ICJ Kenya recently trained law enforcement officers drawn from all over the country on the critical issue of human rights standards and practice for police during arrest and pretrial detention.
The Constitution of Kenya 2010 and various regional and international legal instruments require that human rights be respected, protected, fulfilled, and promoted by the state as well individuals. Law enforcement officers are primary duty bearers tasked with ensuring that human rights are not violated and are equally bound to observe the rule of law and respect for human rights.
Law enforcement officers are expected to carry out their work in a way that does not rely on fear and raw power, but instead on regard for the law, honour and professionalism. When law enforcement officers are seen to respect, uphold and defend human rights, public confidence is built. The officers are then seen as part of the community, performing a valuable social function.
In order to promote respect for human rights outlined in the Constitution, the need to train law enforcement officers to the highest possible standards of competence becomes necessary. For this, understanding the legal and constitutional framework is key to better understanding your conduct as a police officer.
The discussions stressed the need for the image of police officers to change, and to affect public perception police officers must improve sensitivity to the public, their actions through interrogations and arrests, and move away from methods of intimidation. Such efforts will help rebuild trust in the service and maintain a respect for human rights in their conduct.
Addressing the participants Mr. Samuel Mohochi, Executive Director, ICJ Kenya said that this was not the first time ICJ Kenya interacted with police officers. However, he stressed the importance of this particular training stressing that it provided a platform for experiential learning, particularly with the attendance of police officers of different ranks. The meeting provided a platform to share experiences and challenges relating to work.
These kinds of forums, he continued, give the police service as an institution, platforms to further articulate its mission but also gives people the opportunity to appreciate emerging trends. For instance, criminal trials where confessions were produced began seeing a trend. The persons confessing would often turn around and say they did not confess. This introduced trials within trials. Then in 2003, with a criminal law amendment the new system of obtaining confessions was created. The law changed to address the issue of torture. People had been saying that they had confessed due to coercion, physical violence, etc.
The workshop also addressed the issue of the rights of police officers. There have been instances where police officers have been subject to criminal trials – and their line of defense would often be that they were complying with lawful orders. ICJ Kenya presents a forum such issues are openly and candidly discussed. The officers were trained on how to comply with human rights standards relating to suspects, arrests, and also how to engage the public.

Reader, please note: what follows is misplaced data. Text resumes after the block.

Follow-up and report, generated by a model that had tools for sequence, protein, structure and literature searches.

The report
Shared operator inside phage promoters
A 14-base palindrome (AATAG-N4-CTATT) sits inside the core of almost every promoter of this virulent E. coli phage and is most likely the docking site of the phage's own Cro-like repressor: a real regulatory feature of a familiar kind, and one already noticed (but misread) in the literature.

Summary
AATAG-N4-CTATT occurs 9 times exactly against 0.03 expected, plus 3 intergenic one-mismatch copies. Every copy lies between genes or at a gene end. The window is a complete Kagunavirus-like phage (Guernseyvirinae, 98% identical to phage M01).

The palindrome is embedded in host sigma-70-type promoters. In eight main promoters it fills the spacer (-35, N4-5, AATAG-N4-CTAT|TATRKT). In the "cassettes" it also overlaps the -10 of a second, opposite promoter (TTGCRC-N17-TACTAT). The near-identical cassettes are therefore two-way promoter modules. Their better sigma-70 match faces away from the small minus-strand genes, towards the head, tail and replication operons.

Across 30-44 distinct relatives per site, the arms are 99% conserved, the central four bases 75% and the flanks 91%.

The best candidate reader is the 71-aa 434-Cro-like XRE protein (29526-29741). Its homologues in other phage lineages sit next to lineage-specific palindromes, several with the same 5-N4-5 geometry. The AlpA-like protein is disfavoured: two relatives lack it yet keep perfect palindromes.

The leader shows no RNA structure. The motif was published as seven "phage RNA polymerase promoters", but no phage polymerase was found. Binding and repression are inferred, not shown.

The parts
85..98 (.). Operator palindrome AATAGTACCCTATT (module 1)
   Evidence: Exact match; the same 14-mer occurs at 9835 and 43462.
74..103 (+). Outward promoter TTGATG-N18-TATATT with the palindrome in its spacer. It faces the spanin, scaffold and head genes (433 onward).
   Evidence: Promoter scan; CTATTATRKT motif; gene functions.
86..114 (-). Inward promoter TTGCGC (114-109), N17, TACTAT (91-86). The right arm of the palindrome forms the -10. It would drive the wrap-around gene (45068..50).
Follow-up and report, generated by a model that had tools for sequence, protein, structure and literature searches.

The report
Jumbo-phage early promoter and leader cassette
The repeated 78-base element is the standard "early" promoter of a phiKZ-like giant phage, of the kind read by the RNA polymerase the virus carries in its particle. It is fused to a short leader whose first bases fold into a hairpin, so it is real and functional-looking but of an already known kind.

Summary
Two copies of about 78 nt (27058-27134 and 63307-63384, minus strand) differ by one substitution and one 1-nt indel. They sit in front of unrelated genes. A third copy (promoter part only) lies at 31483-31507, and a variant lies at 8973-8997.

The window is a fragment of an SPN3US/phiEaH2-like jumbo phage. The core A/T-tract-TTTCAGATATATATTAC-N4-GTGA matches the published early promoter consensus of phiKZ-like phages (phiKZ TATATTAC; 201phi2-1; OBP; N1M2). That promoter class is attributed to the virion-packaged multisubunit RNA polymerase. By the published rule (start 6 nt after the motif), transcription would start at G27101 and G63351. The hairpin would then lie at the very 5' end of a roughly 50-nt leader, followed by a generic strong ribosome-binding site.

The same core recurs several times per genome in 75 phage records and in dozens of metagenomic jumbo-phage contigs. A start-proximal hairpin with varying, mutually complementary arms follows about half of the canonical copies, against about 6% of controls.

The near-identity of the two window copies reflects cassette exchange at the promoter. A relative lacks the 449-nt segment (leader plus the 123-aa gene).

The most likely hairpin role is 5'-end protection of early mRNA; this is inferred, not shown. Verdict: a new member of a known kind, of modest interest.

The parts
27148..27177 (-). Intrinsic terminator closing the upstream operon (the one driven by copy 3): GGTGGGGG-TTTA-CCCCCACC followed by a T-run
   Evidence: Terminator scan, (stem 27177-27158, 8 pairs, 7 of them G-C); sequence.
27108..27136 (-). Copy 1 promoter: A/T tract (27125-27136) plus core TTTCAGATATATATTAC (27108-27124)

ICJ Kenya in line with its mandate of promoting human rights and the rule of law, commissioned a research in 2014 to establish the extent to which county law enforcement agencies conformed with established practices and human rights standards when dealing with petty offences. The research also sought to examine the extent to which the current enforcement practices impact on pre-trial detention, and contribute to overall prison overcrowding in the country. The research findings revealed, among others, low levels of awareness of human rights standards amongst law enforcement officers, and recommended sensitization of law enforcement officers on human rights standards during arrests and pre-trial detention.
To achieve this, ICJ Kenya developed in-house Guidelines on Human Rights Standards during Arrest and Pre-trial Detention. These guidelines were informed by the African Union Guidelines on the Conditions of Arrest, Police Custody and Pretrial Detention in Africa (Luanda Guidelines), the United Nations High Commissioner for Human Rights Standards and Practice for the Police (UNCHR Guidelines), the United Nations Standard Minimum Rules for the Treatment of Prisoners (Mandela Rules), and the United Nations Standard Minimum Rules for Non-Custodial Measures (Tokyo Rules).
Although the research was in respect of enforcement of county laws, human rights standards outlined in the body of international principles and constitutional standards, provide useful guides to criminal justice practitioners, including the police and prisons. The guidelines contribute to the growing movement to advance pretrial justice, recognizing that improvements at the entry point to the criminal justice system positively impact throughout the trial and post-trial stages.
- See more at: http://www.icj-kenya.org/index.php/media-centre/news/697-icj-kenya-and-the-kenya-police-service-training-on-human-rights-standards-and-practice-during-arrest-and-pretrial-detention#sthash.w4IOIuME.dpuf